(b) difficult and/or dangerous
    So miners, air traffic controllers, nurses, train drivers – the people without whose constant, difficult, dangerous efforts society starts to grind to a halt – those people have power, especially if they show solidarity with each other. And it’s relatively easy to persuade say, a train driver that they have common cause with, say, a miner. But to take either of those people – one responsible every day for the safe transit of thousands of people, the other slogging hard underground in dirty and dangerous conditions, and tell them that they should find common cause with someone who sits in an air conditioned office and just… writes – I think that’s justifiably a harder sell.

    That said: you are in fact right. EVERYONE who isn’t independently wealthy is (or should be) on the same side. If you have to work at all, whether as a scene shifter or a surgeon, you’re working class and your loyalty should be to everyone else in the same boat. The difficulty is, I think, that some parts of the boat look more comfortable than others.

    you seem to want to use our shared struggles against us. Why?

    I should think one explanation is obvious – jealousy. Like I said, I’d like to get paid to go paragliding. Who’s going to pay me to do it? You? And if not, why not? And yet people clearly get into creative arts because they enjoy it – which is to say, it’s a hobby that gives them, if you like, spiritual fulfilment, just like my paragliding did for me – then seem annoyed that their hobby won’t pay their bills. I don’t know of many people who are in creative arts who don’t actively enjoy doing it, whereas in literally every single other job I’ve done or even know anything at all about (due to knowing people who do them or encountering the people doing them) most people seem to fucking hate working and only do it because it pays the bills. Certainly you can’t tell me anyone working on the railways in the UK enjoys their job, because in my fairly recent experience every single one of them I encountered seemed to be in a mood indicative of having the worst day of their life, every day. No wonder they’re wanting a pay rise. Then I see people painting or writing poetry, and calling it “work”. Oh yeah?

    I’m comfortable admitting jealously is part of it, but I doubt you’re comfortable admitting jealousy is part of your complaint. You’re quite obviously jealous of the people rich and happy enough to work for nothing, or peanuts, which you find devalues your worth in the marketplace. But that’s the occupational hazard of trying to make a living doing something people do for fun. There is NO competition in the marketplace of chemical engineering project management from people prepared to do the job for nothing. Oddly similarly miners hardly ever complain about all the young miners coming through who are prepared to work for “exposure” or “experience”. It’s just not a thing that happens. Personally, the people I blame are the irresponsible careers advisers and parents who didn’t do enough work to dissuade all these unhappy people from pursuing such a depressingly unlucrative career in the first place.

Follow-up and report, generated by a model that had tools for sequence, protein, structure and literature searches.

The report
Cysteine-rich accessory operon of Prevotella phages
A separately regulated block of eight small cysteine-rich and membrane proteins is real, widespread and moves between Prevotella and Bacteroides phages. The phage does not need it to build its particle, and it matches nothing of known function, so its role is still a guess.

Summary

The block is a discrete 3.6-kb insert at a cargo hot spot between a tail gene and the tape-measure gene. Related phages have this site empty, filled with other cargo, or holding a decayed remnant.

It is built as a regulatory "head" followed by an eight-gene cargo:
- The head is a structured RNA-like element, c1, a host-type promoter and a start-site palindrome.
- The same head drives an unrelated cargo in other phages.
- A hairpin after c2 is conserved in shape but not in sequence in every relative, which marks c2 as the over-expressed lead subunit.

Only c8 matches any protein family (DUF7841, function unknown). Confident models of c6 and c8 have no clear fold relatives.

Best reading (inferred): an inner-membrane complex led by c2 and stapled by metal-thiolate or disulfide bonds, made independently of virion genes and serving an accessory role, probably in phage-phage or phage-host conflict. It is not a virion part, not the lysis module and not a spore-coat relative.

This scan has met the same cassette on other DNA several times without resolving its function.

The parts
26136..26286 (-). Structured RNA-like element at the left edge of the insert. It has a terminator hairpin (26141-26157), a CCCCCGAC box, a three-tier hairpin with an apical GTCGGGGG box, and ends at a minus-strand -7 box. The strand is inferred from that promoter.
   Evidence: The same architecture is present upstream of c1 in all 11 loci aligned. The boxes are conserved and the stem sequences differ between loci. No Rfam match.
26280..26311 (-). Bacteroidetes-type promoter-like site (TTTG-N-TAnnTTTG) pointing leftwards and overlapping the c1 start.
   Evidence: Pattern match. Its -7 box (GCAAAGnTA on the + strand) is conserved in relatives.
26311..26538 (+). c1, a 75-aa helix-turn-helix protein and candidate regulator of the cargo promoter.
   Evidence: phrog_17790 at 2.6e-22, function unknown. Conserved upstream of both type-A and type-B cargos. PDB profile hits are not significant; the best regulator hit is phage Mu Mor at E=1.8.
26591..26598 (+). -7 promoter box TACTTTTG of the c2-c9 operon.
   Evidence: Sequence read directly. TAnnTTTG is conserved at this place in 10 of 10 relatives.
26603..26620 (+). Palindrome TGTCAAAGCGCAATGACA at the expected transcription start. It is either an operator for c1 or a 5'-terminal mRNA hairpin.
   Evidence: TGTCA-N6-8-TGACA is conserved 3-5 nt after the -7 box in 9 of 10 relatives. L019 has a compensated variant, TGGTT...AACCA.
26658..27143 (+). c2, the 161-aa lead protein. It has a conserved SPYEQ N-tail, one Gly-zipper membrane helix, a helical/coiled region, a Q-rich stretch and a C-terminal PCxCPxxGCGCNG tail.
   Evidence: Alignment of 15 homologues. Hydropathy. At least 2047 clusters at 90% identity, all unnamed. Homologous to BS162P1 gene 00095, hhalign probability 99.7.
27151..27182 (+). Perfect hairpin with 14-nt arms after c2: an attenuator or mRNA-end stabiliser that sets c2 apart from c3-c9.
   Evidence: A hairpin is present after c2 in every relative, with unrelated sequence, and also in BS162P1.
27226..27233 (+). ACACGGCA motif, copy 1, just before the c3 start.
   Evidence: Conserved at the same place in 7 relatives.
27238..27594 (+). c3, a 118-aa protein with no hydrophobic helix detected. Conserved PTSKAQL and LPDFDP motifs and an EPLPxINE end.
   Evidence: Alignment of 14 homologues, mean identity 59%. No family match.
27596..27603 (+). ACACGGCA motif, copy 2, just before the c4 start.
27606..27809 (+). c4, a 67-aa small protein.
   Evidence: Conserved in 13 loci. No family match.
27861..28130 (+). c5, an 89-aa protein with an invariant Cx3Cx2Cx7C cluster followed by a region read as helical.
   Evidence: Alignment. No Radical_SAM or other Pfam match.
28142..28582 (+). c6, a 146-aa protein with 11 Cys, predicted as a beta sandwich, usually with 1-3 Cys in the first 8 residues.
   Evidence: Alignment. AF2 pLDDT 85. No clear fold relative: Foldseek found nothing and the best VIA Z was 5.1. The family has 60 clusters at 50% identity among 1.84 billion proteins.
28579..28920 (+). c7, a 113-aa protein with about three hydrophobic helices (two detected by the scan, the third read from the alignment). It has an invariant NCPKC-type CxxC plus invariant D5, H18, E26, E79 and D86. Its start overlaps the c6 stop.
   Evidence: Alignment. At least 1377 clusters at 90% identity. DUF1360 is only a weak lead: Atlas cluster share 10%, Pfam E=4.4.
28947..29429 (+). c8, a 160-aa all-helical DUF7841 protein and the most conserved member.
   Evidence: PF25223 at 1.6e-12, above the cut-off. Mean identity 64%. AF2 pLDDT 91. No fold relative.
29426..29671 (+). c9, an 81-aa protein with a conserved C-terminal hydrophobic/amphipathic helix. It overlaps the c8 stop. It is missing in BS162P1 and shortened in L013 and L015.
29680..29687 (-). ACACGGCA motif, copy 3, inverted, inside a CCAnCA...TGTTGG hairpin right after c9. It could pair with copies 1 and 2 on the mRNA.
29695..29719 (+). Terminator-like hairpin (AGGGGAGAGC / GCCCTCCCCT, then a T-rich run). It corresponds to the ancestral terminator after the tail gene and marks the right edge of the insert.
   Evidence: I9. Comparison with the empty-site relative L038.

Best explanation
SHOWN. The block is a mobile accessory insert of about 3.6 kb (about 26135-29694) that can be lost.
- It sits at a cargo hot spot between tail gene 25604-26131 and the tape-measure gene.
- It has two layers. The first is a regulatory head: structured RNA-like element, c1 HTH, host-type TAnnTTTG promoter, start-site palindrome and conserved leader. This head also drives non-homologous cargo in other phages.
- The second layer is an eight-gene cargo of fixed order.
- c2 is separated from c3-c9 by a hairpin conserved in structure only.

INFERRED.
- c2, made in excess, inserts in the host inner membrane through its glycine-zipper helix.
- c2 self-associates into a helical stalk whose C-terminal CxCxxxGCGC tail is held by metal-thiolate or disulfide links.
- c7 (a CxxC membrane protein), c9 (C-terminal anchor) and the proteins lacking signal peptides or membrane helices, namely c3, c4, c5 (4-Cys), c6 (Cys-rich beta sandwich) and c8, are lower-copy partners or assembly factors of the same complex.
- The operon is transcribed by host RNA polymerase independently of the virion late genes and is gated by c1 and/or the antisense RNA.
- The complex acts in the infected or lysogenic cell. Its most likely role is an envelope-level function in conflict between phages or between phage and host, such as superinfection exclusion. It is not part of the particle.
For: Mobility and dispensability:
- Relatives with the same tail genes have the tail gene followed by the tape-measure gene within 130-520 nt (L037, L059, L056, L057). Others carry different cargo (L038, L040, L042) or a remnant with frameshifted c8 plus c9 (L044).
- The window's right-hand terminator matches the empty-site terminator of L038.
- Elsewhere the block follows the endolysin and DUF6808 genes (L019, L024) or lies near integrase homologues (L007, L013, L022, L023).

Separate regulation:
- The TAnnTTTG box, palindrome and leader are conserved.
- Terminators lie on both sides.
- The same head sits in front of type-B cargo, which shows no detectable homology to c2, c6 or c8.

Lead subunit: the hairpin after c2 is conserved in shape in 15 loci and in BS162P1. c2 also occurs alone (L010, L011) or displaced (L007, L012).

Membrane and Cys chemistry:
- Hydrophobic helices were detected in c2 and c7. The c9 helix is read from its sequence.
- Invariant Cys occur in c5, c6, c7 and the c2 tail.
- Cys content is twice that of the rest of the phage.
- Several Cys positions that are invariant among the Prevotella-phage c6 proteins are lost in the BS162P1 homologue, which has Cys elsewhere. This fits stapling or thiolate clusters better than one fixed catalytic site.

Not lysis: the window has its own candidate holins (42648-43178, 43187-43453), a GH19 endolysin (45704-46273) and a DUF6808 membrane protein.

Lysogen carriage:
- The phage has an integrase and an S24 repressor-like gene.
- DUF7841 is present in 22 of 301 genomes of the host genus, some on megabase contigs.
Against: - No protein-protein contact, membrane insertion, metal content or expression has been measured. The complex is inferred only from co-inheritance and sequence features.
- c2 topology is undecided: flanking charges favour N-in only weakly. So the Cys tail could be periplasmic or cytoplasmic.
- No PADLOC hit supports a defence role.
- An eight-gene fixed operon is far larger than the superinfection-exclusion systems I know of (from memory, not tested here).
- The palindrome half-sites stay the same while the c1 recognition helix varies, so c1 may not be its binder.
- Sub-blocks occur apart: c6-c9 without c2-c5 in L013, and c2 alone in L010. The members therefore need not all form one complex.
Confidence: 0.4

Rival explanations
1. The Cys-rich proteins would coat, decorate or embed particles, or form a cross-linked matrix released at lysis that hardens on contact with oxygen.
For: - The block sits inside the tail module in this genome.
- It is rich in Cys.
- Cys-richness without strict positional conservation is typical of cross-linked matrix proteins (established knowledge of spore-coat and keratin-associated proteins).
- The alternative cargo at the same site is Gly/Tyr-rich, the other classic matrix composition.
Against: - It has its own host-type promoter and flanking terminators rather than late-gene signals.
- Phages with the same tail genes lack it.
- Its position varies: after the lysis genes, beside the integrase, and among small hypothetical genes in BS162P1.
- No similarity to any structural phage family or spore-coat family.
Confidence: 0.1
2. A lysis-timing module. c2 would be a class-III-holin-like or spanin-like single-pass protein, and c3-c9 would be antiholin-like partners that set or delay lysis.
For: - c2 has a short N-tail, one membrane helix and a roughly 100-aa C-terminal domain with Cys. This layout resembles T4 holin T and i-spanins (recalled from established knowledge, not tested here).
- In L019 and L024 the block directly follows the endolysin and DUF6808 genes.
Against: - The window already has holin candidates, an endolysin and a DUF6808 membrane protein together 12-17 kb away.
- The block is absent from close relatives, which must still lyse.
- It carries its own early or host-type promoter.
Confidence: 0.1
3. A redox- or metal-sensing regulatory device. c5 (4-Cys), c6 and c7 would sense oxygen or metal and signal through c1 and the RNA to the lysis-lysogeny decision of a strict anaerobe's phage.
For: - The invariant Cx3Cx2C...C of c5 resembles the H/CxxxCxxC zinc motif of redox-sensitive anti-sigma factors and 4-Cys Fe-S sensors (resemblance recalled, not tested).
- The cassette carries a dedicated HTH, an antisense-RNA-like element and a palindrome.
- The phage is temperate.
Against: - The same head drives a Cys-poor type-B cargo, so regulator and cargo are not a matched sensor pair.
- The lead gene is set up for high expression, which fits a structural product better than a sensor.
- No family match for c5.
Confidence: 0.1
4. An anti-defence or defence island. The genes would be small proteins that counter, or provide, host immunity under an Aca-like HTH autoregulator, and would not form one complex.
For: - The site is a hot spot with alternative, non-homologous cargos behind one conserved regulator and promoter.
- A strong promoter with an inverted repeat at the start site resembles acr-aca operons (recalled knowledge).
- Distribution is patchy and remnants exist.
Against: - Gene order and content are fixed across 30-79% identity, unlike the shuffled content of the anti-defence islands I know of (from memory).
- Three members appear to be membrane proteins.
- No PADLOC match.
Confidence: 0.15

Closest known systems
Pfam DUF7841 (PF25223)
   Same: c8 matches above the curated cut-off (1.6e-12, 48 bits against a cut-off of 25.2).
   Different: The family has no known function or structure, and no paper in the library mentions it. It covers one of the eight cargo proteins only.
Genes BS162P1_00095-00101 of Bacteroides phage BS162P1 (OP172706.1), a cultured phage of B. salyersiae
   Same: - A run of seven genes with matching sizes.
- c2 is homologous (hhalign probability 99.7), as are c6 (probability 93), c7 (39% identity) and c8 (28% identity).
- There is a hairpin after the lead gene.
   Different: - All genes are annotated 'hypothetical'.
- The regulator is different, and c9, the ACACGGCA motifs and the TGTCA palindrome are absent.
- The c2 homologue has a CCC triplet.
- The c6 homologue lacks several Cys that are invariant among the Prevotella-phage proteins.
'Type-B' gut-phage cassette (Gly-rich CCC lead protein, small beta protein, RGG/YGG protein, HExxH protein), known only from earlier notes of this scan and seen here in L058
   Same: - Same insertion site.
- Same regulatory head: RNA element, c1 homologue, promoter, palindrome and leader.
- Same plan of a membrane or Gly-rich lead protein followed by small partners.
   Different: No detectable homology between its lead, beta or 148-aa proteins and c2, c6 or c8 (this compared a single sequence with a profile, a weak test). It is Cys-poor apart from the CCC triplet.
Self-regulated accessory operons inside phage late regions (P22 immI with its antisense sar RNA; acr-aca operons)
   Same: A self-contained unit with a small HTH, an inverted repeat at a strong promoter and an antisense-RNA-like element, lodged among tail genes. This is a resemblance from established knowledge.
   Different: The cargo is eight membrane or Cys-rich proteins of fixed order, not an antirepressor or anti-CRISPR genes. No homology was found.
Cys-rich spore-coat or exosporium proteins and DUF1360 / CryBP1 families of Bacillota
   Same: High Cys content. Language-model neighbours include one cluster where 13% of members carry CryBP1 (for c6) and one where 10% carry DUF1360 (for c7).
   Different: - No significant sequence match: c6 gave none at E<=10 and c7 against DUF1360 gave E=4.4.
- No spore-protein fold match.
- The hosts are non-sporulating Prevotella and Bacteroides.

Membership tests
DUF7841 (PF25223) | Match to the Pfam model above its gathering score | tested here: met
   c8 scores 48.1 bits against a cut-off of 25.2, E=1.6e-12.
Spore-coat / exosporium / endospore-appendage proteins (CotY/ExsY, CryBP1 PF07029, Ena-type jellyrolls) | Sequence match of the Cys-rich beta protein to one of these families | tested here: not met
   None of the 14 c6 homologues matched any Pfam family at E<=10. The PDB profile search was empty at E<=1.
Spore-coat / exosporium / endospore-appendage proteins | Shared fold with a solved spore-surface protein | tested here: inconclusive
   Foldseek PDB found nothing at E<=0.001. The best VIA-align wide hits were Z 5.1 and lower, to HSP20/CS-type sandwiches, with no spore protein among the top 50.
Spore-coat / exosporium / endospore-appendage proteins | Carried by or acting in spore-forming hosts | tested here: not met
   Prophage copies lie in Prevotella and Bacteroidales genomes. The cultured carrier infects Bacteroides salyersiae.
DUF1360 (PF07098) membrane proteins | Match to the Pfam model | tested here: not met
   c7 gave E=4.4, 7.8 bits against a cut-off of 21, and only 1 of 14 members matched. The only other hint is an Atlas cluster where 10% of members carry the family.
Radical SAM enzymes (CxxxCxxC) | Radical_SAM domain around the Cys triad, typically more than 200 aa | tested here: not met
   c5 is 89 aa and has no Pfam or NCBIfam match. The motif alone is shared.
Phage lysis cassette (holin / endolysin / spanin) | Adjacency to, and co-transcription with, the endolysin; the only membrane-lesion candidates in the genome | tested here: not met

“I’m disagreeing with the idea that creation itself is inherently valuable beyond whatever value it offers the creator. It’s not.”

    You mean … people never do pay a monetary value for it?

    You are Cathy Newman And I Claim My Five Pounds.

  8. says

    Yeah, all right, dude, you’re done. You continually engage in bad faith, and refuse to consider that your perspective might not be correct until AFTER you’ve insulted a bunch of people. Remember the argument about bias in medicine? I’m tired of this shit.

    We have pointed out multiple times that we’re not just talking about people’s “hobbies”. We’re talking about a set of professions in which people provide goods or services FOR WHICH THERE IS A DEMAND, and for which many other people seem to think they shouldn’t have to pay.

    Like you, they denigrate those professions as “hobbies” akin to paragliding, to justify underpaying people whose work they want or need, or even refusing to pay for the work at all. Kindly remember that this post was about NETFLIX WORKERS getting a win. Are you going to pretend you don’t think Netflix is profitable? No.

    Further, you apparently want to divide the working class based on whether jobs are dangerous? That’s counter-productive to the point of being malicious. It also ignores the health problems that absolutely come with having a job where you have to sit for most of the day, repetitive stress injuries, long or unconventional hours, and the fact that nowhere in society do we treat people better for having more dangerous job. The only reason to bring that up, is to belittle workers who you apparently think don’t have a right to organize.

    As you say, your problem is jealousy, but it goes beyond that. You want to justify that by dragging everyone else down, and finding reasons to belittle and insult people. There’s no reason for me to indulge that any longer.